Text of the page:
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Then tell me who thou art, with form so dire.
To thee I bow. Be gracious, God supreme !
I ask to know thy primal life, for this,
Thy form evolved (e), I cannot understand.

Lo! I am old and world-destroying Time (f),
Here manifest to slay the race of men.
Of all these warriors, formed in hostile ranks,
Except thyself, there shall not one survive.
Wherefore, arise ! gain glory for thyself.
Subdue thy foes and gain an ample sway!
My arm already hath destroyed them all.
Be but my instrument, left-handed one!
Strike thou at Bhīshma, Droņa, Karņa too,
At Jayadratha, and the warriors all,
For they are slain by Mse. Be not dismayed.
Fight! thou shalt conquer in the field thy foes.

SANJAYA spoke. 35 Having heard these words of Keśava, he who bears a

tiara, 3 lifting up his hands, making salutations and tremLling, again spoke thus to Kșishiņa, bowing down and stammering, overwhelmed with fear.

ARJUNA spoke.
The world, O Krishņa! justly hath delight
In thy great glory and obeys thy law.

1 King of the Sindhavas, who a desperate conflict, after the fall of dwelt in the country of the Indus. Bhishma. He was finally killed by Arjuna in ? The hairy one, i.e., Krishna.

s Arjuna

The Rākshas flee on every side through fear,
And troops of Siddhas all bow down to thee.
Why should they not adore thee, Soul supreme ?
More reverend e'en than Brahmā,primal Cause,
O infinite Lord of Gods! the world's abode,?
Thou undivided art, and life in forms
And formless life thou art (g), o'er all supreme.
Thou art the First of gods, the ancient Sire,
The treasure-house supreme of all the worlds,
The Knowing and the Known, the highest seat.
From thee the All has sprung, O boundless Form !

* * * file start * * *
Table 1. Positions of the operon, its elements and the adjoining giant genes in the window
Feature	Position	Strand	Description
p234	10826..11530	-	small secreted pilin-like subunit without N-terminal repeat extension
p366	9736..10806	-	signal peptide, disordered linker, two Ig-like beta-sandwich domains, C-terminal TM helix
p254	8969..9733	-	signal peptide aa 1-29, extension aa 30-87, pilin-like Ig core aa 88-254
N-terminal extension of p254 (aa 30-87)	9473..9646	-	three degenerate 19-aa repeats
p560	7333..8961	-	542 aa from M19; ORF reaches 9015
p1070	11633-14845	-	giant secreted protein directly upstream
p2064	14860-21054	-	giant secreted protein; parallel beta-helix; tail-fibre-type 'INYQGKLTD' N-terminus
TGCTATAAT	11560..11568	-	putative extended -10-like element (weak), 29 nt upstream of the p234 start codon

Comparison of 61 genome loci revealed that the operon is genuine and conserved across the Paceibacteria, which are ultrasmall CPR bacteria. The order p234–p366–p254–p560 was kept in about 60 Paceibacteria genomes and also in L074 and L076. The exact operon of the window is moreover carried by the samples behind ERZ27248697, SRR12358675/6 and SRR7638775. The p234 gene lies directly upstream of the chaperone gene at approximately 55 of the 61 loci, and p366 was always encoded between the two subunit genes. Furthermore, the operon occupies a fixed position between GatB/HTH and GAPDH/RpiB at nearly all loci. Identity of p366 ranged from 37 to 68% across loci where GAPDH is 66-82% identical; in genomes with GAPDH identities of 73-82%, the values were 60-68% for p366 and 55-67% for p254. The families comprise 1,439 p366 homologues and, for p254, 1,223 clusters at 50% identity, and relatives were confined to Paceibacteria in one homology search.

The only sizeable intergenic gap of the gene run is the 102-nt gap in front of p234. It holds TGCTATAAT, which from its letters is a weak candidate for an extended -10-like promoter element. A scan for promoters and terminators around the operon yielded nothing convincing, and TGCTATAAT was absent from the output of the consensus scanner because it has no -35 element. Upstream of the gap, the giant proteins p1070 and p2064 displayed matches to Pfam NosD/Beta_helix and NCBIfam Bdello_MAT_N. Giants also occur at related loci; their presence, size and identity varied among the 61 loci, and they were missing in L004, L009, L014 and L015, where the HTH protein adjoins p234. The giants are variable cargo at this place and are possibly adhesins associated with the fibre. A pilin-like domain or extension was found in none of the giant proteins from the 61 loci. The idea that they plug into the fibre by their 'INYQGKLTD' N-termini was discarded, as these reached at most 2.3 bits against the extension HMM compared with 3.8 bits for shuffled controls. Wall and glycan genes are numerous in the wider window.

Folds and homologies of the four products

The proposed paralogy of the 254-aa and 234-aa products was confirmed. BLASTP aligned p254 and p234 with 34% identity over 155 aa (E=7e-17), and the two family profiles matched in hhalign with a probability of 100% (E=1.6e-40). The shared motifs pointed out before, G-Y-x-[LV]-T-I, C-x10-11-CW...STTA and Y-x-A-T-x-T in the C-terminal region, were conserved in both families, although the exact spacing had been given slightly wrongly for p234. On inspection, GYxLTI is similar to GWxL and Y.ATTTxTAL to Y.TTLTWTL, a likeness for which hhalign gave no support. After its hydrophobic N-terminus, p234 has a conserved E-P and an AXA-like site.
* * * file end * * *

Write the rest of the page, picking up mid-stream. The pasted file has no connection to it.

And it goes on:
Varuņa, Vāyu, Agni, Yama thou,3
The Moon; the Sire (h), and Grandsire too of men.
All hail to thee, a thousand times all hail !
Again and yet again, all hail to thee!
All hail to thee before, all hail behind;
All hail on every side, O mighty All!
The Infinite in power, of boundless force,
The All thou dost embrace; then thou art All.
If thinking thee my friend, I cried aloud,
O Yādava ! 4 O Kțishņa! or 0 Friend!
Not knowing this thy wondrous majesty,
From carelessness, or even in my love;
If I dishonoured thee at times in mirth,
When sporting, lying, sitting, or at meals,
Alone, O Holy One! or with an host,
I pray thee pardon it, Eternal Lord !
Father of all this fixed and moving world,

1 Brahmā proceeded from the and the judge of the lower regions Supreme Brambă, whom Krishṇa respectively. represents.

• So called because in his human 2 Because all things dwell in him. nature he belonged to the tribe of 3 The gods of ocean, air, and fire, Yadu.

Of weightier honour than the Guru (i) bears,
None is thine equal. Who in all the worlds
Surpasses thee, O thou of boundless power?
Wherefore, saluting thee and bending low,
I ask thy grace, O Lord, whose praise is meet.
Be gracious then, O God! as sire to son,
As friend to friend, as lover to the loved.
This marvel having seen, ne'er seen before,
My heart rejoices, yet is moved by fear.
Show me that other form alone, O God!
Be gracious, Lord of gods! the world's great seat!
I would behold thee, as of old, arrayed
With diadem and club, and disk in hand.
Take to thyself again thy four-armed forn,
Thou of the thousand arms and endless forms!